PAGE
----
How to password protect a folder or file in Windows 10

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Password protect Windows 10 files and folders

  1. Using File Explorer, right-click on a file or folder you want password protected
  2. Click on Properties at the bottom of the context menu
  3. Click on Advanced…
  4. Select “Encrypt contents to secure data” and click on Apply
  5. You’l be prompted to back up your encryption key, you’ll need it if you lose access to your encrypted files

If you've got files you'd rather others couldn’t access, locking them up with a password can be the simplest way to get peace of mind. Windows has built-in support for basic password protection, letting you keep your files safe from prying eyes.

Before we get started, we should offer a warning – while this method is simple and effective, it's not intended for large-scale or mission-critical use. It goes without saying you should invest in purpose-built encryption software if you're storing really sensitive information on your device.

File properties menu screenshot

To begin, use File Explorer to find the file or folder you wish to protect. Right-click on it and click "Properties" at the bottom of the context menu. From here, press the "Advanced…" button in the Attributes section of the window.

File properties window screenshot

At the bottom of this pane, tick the "Encrypt contents to secure data" checkbox. Click the "OK" button to get back to the main Properties window. Now press "Apply" and Windows will begin to encrypt your files.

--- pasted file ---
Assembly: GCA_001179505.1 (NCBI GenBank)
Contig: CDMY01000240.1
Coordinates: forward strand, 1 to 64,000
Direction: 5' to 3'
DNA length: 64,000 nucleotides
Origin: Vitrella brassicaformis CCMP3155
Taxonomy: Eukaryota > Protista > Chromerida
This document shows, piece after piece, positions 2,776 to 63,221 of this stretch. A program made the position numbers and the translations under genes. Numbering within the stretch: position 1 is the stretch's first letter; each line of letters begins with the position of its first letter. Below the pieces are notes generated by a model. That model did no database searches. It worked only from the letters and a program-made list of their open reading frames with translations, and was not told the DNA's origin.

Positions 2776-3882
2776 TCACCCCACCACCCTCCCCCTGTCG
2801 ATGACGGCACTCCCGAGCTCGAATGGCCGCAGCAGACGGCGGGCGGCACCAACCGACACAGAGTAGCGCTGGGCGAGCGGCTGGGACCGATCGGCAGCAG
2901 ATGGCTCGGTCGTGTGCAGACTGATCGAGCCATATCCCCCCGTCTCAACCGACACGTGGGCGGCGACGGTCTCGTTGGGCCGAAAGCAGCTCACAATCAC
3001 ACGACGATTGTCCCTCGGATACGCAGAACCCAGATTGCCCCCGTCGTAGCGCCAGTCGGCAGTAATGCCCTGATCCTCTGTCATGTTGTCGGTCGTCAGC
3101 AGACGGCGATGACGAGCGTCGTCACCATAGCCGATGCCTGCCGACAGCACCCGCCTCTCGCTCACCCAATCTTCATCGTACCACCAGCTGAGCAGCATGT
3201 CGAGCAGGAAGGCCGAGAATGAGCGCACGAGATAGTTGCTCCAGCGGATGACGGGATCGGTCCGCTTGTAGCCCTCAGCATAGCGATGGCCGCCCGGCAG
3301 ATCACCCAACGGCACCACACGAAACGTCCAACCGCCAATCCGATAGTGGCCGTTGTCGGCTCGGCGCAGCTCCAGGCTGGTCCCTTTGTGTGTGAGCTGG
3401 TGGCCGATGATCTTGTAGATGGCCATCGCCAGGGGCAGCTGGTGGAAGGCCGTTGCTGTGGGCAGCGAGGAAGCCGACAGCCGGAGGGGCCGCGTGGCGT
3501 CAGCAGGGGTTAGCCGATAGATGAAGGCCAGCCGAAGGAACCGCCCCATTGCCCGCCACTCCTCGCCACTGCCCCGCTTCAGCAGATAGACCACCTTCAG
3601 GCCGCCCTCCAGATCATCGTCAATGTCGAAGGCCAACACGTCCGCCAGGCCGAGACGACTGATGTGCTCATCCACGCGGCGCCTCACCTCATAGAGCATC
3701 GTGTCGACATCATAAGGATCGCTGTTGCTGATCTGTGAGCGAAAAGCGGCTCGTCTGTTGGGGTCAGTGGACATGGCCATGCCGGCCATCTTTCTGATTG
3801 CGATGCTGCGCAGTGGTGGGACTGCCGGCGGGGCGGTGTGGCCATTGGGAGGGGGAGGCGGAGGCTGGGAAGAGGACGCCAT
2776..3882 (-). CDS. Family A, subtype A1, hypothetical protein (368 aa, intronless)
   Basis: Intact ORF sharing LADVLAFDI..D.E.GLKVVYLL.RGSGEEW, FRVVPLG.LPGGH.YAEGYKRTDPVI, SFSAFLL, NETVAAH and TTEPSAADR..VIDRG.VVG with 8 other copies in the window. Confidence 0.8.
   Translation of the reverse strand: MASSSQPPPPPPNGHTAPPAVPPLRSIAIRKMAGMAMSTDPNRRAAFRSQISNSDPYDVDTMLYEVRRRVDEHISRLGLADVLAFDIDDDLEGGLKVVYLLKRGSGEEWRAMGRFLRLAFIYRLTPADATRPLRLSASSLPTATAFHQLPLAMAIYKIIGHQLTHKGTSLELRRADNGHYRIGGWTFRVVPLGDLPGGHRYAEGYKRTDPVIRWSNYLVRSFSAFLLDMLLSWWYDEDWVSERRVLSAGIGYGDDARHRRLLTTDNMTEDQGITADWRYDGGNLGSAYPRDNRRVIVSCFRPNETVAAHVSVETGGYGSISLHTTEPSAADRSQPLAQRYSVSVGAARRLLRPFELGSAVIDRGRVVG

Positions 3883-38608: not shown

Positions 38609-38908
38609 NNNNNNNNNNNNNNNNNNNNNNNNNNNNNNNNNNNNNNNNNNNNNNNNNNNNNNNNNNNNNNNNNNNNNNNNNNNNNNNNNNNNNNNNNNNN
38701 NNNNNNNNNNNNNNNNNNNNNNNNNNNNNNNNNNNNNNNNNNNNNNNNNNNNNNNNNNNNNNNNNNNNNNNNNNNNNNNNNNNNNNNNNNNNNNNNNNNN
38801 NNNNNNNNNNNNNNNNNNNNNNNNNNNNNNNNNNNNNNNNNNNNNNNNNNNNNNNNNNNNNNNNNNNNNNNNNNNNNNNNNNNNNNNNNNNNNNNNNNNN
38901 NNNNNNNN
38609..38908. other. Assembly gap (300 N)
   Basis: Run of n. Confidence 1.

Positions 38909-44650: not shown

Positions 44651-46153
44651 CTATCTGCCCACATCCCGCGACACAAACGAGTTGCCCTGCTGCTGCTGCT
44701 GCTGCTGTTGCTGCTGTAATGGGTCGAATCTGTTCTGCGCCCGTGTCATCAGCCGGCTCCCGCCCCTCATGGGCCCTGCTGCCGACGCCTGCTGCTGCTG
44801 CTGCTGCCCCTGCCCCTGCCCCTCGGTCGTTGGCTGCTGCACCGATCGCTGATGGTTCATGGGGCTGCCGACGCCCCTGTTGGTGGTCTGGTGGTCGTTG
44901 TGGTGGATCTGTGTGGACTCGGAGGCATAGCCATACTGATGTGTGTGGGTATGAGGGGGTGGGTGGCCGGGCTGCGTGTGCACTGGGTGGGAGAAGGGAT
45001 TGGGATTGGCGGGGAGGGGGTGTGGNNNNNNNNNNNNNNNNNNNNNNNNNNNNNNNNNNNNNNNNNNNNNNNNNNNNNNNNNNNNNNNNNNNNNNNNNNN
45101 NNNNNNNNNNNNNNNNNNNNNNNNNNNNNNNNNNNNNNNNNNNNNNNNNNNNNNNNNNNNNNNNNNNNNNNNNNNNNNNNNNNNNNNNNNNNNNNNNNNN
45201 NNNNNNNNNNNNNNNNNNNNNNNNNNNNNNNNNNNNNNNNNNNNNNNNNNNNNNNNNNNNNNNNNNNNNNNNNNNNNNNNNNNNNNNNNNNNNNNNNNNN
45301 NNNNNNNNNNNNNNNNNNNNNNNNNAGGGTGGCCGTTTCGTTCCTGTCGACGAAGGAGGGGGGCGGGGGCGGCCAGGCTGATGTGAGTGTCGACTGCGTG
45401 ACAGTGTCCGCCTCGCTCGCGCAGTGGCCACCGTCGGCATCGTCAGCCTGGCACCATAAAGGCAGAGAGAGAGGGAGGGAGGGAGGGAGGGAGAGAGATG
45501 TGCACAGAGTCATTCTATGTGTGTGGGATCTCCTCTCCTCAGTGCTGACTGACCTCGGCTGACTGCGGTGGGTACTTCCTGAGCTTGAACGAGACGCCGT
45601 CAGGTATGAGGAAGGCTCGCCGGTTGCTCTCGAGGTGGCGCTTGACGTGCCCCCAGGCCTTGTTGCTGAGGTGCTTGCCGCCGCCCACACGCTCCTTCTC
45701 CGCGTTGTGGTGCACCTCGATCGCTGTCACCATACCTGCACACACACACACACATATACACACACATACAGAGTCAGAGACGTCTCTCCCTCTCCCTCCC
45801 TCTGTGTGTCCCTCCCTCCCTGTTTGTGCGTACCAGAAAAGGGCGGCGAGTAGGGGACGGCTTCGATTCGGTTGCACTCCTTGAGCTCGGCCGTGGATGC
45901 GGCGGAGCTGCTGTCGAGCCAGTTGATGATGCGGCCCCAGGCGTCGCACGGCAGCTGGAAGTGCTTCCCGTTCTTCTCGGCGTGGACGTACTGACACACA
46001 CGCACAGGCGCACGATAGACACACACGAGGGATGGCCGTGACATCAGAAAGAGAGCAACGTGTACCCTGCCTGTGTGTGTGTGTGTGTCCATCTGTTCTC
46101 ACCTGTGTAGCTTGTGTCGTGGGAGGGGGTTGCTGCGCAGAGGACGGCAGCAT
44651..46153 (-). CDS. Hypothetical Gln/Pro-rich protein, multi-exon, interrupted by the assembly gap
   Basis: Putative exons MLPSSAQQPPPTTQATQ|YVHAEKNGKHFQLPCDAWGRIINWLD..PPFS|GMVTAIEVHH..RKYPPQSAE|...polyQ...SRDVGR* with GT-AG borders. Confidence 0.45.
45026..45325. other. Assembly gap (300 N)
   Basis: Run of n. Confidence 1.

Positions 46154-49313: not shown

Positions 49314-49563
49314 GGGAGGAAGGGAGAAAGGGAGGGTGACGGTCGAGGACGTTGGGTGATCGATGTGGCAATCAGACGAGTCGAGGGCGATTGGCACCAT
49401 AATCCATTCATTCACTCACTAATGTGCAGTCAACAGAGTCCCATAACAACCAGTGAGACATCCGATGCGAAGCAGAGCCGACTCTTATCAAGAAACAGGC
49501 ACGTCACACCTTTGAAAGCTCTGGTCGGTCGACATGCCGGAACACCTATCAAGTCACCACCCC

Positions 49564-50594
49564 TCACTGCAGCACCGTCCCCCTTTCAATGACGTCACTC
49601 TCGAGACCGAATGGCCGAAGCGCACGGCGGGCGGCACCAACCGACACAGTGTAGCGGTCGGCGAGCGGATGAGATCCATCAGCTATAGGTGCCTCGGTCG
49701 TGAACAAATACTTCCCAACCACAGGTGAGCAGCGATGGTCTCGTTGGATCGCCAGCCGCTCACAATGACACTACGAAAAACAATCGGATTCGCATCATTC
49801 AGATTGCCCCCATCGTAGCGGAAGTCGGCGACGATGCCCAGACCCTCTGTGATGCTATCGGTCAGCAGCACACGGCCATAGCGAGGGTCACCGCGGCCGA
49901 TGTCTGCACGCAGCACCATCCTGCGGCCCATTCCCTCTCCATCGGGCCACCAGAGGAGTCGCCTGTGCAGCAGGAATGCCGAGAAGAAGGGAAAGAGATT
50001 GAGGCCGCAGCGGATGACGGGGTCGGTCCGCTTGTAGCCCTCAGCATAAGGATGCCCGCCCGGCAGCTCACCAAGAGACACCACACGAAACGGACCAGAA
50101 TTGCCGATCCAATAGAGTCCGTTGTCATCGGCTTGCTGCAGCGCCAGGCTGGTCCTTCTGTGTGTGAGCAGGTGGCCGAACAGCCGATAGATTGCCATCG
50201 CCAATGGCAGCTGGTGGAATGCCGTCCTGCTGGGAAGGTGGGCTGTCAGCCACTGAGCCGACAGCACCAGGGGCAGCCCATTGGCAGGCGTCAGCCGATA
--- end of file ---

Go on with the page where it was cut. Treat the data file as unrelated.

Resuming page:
File attributes window screenshot

When the process completes, you'll be prompted to back-up your encryption key if you've never used the feature before. Click the toast notification and follow the prompts to make a note of your encryption key. You'll need this information if you ever lose access to your encrypted files, so it's important you take the time to back it up now.

Backing up encryption keys

With the back-up done, your files are now secured. They're encrypted with a key that's tied down to your Windows user account. If anyone else tries to access the file – whether from another user account, or by physically removing your hard drive – the contents will appear to be meaningless garbled text.

File encryption details window

You can reverse the encryption at any time by heading back to the Properties window and opening the Advanced Attributes pane again. Just untick the "Encrypt contents to secure data" checkbox and click OK to close the windows. After encryption, you can also press the "Details" button next to the checkbox to see information about the encryption certificate and available recovery procedures.

That's all there is to it. Once again, we'll remind you this method isn't intended for high-security purposes. However, it's ideal if you're using a shared PC and just want to keep some files inaccessible to other user accounts on the device. Just remember to lock your account (Win+L) whenever you walk away from the screen – your files will be unencrypted as soon as you login!

If you need stronger protections, you might want to consider investing in third-party software that's specially designed for this purpose. Enabling Windows' BitLocker feature (Pro and Enterprise edition only) can also give peace of mind if you want all your files to be encrypted. This offers full-disk encryption with the keys tied down to a TPM, a hardware module dedicated to certificate storage.

BitLocker operates at a different level to file-based encryption, solving different problems. The feature encrypts the entire drive, not individual files – so once Windows starts, everything on the drive is decrypted and made available to everyone. File-based encryption gets unlocked only after you login, and deals with individual files and folders.

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